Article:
Shaun Leonardo, Freddy Pereira (3 of 3), 2019, charcoal on paper with mirrored tint on frame Courtesy of the artist
Five months after the Museum of Contemporary Art (moCa) Cleveland cancelled an exhibition of Shaun Leonardos evocative drawings of Black victims of systemic injustice, two museums have stepped up to host the show.
The Massachusetts Museum of Contemporary Art (Mass MoCA) in North Adams announced today that Shaun Leonardo: The Breath of Empty Space would open on Wednesday and run through 22 December and then travel to the Bronx Museum of the Arts, where it will open on 20 January.
The cancellation of the Cleveland exhibition, which originally was to open on June, was denounced as “institutional white fragility” and “censorship” by Leonardo, a Brooklyn-based multidisciplinary artist who is also known for highly charged performance works. The museums executive director, Jill Snyder, publicly apologised to Leonardo, acknowledging that “we failed” the artist, and the controversy ultimately led her to resign after 23 years at the helm.
The drawings in the show, culled by the independent curator John Chaich, explore the visual narrative of violence against Black men in the US, often at the hands of police, revealing how the cycle of news media images shape and blur perceptions and memories of those events. It originated at the Maryland Institute College of Art (Mica) in Baltimore in January before the Cleveland museum added it to its exhibition schedule and then dropped it.
In an interview, Leonardo said that Mass MoCA and the Bronx museum reached out to him about presenting the show at the height of the controversy in June, when he lamented the shows derailed opening in a brief note to colleagues and supporters. In his statement, which was widely disseminated, Leonardo challenged the Cleveland museums rationale that the exhibition could be harmful because the local community was not equipped to deal with his images of “lived experiences of pain and trauma”. He pointed out then that he “was never given the opportunity to be included in outreach, and therefore, never had a moment to engage any community member regarding the show”.
Responding to the cancellation, he says, curators at Mass MoCA and the Bronx museum who had already worked with Leonardo on other initiatives reached out to him. “They were willing to invite the tension in, and create space for the critical dialogue around the work”, the artist explains.
Leonardo says he does not particularly view the shows rescheduling as vindication. Instead, he says, he has been heartened by the debate that the shows cancellation triggered about invoking trauma in works of art and about “who owns” initiatives like the cancelled exhibition.
Leonardo says he was moved to see that the killing of George Floyd by the Minneapolis police in May prompted people who had viewed the show in Baltimore to start posting his works online. All of the art predated Floyds death, “but to see that people found solace and sought to look for meaning and intentionality in that work was touching,” he says.
The artist says he began working on the drawings in The Breath of Empty Space in 2014, starting with a depiction of part of the face of Trayvon Martin, a Black 17-year-old who was shot to death in 2012 by a civilian “neighbourhood watch” patroller in a gated community.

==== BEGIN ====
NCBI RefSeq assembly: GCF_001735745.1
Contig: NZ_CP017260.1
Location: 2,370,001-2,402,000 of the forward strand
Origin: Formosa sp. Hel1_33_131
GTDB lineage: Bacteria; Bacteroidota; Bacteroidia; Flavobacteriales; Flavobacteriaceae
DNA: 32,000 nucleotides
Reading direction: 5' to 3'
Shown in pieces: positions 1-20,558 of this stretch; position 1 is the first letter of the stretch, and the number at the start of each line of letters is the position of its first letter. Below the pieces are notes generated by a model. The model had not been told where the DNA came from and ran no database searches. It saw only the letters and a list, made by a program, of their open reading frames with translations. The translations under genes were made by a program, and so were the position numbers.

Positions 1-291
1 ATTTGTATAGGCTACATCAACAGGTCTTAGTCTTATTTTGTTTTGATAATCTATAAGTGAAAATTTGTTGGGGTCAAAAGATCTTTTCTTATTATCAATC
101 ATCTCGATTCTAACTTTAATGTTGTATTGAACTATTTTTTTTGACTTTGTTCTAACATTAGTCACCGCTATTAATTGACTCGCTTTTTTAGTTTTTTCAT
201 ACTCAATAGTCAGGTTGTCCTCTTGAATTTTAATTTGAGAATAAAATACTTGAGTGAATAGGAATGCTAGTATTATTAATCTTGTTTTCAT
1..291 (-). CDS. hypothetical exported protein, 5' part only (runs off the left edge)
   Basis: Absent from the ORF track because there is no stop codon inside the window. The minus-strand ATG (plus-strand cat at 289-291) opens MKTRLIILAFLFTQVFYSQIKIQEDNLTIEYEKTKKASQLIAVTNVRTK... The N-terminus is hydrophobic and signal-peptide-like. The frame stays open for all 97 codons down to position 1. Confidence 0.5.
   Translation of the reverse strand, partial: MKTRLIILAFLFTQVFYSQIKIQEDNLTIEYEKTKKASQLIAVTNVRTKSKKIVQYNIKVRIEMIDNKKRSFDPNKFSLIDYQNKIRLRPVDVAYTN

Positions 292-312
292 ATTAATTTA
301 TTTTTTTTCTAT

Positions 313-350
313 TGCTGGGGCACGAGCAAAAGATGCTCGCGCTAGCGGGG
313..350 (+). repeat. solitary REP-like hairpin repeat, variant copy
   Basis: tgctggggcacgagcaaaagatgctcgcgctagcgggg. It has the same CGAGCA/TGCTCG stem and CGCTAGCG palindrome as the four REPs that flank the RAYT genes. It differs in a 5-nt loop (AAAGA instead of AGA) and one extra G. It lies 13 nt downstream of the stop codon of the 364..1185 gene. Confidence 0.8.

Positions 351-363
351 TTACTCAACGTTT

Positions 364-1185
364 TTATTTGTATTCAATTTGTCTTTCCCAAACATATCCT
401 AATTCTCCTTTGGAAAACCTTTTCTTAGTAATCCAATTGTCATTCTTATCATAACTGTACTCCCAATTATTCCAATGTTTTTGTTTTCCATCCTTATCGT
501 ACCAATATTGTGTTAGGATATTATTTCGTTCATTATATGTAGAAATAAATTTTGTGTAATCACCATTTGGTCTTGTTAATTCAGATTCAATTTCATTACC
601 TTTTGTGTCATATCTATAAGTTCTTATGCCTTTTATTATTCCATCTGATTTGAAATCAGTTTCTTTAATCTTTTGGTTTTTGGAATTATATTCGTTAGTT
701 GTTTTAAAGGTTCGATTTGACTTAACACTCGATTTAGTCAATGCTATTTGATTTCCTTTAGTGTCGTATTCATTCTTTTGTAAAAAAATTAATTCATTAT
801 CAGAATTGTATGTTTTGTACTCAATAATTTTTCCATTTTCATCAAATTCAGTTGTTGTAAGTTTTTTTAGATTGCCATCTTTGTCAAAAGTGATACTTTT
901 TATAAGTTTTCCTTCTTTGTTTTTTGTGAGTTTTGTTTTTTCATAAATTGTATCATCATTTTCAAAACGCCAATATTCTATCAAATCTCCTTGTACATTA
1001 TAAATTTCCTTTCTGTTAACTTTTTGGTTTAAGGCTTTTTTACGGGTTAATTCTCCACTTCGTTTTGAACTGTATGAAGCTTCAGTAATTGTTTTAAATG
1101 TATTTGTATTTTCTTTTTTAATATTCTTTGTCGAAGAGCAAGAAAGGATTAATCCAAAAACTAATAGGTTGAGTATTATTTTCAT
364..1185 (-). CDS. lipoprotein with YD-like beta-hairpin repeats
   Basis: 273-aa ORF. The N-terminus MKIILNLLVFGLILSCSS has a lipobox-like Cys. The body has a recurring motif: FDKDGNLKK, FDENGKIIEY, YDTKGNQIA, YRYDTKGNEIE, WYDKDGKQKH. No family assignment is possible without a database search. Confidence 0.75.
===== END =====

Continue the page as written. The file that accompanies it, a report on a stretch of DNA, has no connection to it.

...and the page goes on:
Shaun Leonardo, Trayvon (2014-2017) Courtesy of the artist
“It is a space to grapple with those [news] images in personal terms, as a person who feels threatened, as a person who feels afraid for my children,” says Leonardo, the father of a 13-year-old stepdaughter and 4-year-old daughter. “I needed a place to sit with Trayvons image outside the media noise.”
“These media images are always accompanied by noise from surveillance footage, cellphone footage, dashcam footage,” he adds. The artist aims to get past the noise: “I started to look at this footage differently to gather my own meaning,” Leonardo says. “I do often think about and question not only what stories are being conveyed, but which stories as selected by the media get locked in our collective memory.”
He points to images of the so-called Central Park Five, five Black New York teenagers who were convicted of rape and assault in a 1989 attack on a jogger and served years in prison before they were exonerated. In his own Central Park 5 series, he features courtroom images of various people involved in the case. They call to mind a courtroom photograph of a row of five boys that Leonardo says was widely distributed in the media but actually pictured only two of the five defendants because three others were scattered around the room. “You get to better analyse what those bodies were doing, how those gazes were being directed, most specifically for me the way the audience, the judge, court officers—no one was paying attention to those boys,” Leonardo says. “They were being devalued continuously.”
Shaun Leonardo, Central Park 5 (Drawing 5 of 5), 2017 Collection of Manon Slome, No Longer Empty
Another work by the artist, consisting of two images, records the 2014 killing of Laquan McDonald by a Chicago police officer, based on dashboard camera images. “In the first image, what you see is a manipulation of an image in which all you can take in and internalise is the row of police cars that at that scene dealing with a single Black body,” the artist says. That led to the second drawing, in which Leonardo emphasises that McDonald was simply walking down the street when he was shot—and underlines the long range at which the officer chose to shoot.
Shaun Leonardo, Laquan McDonald (Drawing 1 of 2), 2016 Courtesy of the artist Read More – Source
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